Article Conveyor System As best shown in FIGURE 5, the article or tube conveyor system 2 comprises a pair of endless sprocket chains 5454 which, as noted earlier, are in driving connection with the carton loading machine 7, the loading machine being provided with a pair of driving sprockets (not shown) about which the chain runs are trained. The upper run of the conveyor advances in the direction indicated by the arrow (FIGURE 2). The upstream end of the chain runs 54 pass about a pair of idler sprockets (not shown) which are journalled for rotation with respect to the conveyor frame 13. The upper or active runs of the chains 54 are slidably supported upon rails 55 (FIGURE 5) which are mounted in parallel relationship upon a longitudinal support plate 56. Plate 56 is mounted upon a series of cross pieces 57, which form a part of the conveyor frame 13.

The conveyor frame 13 is supported with respect to the standards 14 by respective lower cross pieces 58 (FIGURE 5) similar to the upper cross pieces 57, each cross piece 58 including a collar 60 attached to the upper end of the respective standards 14. The cross pieces 57 and 58 are mounted in spaced relationship one above the other by means of vertical members 61. The vertical members 61 are joined to the cross pieces by means of channel iron pieces 62. As shown in FIGURES 4 and 5 the cross shafts 12, 35 and 40 are journalled with respect to the frame 13 within bearing blocks 6363, which are mounted upon the vertical members 61 at opposite sides of the frame 13.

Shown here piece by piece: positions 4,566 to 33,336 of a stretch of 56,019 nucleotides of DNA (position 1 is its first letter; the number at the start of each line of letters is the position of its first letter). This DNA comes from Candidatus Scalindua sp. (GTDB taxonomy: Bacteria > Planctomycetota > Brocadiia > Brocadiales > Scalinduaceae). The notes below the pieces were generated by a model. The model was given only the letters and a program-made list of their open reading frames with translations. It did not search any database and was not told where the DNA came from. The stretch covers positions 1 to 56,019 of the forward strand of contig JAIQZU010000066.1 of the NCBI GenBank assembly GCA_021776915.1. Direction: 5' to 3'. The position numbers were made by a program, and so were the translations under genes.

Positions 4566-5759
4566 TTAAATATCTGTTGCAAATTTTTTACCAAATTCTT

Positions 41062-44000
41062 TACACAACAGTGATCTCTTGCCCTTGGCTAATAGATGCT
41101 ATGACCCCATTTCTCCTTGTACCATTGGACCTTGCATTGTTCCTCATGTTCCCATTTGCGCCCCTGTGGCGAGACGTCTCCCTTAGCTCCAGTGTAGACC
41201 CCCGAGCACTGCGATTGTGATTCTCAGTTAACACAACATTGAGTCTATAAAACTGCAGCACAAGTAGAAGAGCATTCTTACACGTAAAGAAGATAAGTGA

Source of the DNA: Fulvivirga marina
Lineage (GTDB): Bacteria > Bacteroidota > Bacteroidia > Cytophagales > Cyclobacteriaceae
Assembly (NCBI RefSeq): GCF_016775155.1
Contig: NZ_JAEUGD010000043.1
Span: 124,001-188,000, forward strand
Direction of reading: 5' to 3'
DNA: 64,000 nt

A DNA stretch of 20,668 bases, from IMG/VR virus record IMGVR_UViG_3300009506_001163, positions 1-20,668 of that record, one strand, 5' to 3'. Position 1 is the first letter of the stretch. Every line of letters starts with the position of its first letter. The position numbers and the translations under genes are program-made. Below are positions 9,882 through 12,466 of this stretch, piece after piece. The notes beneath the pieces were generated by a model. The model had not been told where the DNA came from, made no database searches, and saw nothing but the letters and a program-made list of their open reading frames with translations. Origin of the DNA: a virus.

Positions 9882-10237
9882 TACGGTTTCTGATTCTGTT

In order to hold the upper chain runs downwardly with respect to the frame 13, there is provided a pair of confining rails which slidably engage the upper surface of the chain runs. As shown in FIGURE 5, each confining rail comprises an angle iron 64 rising from the longitudinal support rail 56 at opposite sides and having a horizontal limb overhanging the upper chain run. Each horizontal limb includes a track 65 which loosely embraces the rollers of the chain runs to confine the same. The lower or return runs of chains 5454 are supported by similar angle irons 66 (FIGURE 5) having tracks 65 which engage and slidably support the lower chain runs and the buckets 6 thereof.

The buckets 6 are generally channel-shaped in cross section each bucket having lugs 67 projecting from the bottom thereof and interconnected with the chain runs 5454 (FIGURE 5). The side walls of each bucket 6 are notched out as at 68 to accommodate a stationary rail 70 which acts as a stop to regulate the axial position of the tubes 5 with respect to the buckets 6. As viewed in FIGURE 1, the side walls of the buckets on the end opposite the rail 70 are flared outwardly as at 71 to conform with the flattened end portion of the tubes 5.

A second rail 72 (FIGURES l and 5) extends along the ends of the buckets opposite the rail 70 downstream from the transfer mechanisms 3. The rails 70 and 72 are supported by angle irons 7373 extending above the buckets 6, the angle irons 73 being supported by the frame 13. The rails 70 and 72 are generally co-extensive with the conveyor 2 in the downstream direction and terminate within the carton loading mechanism 7 to permit the tubes to be transferred endwisely into their cartons.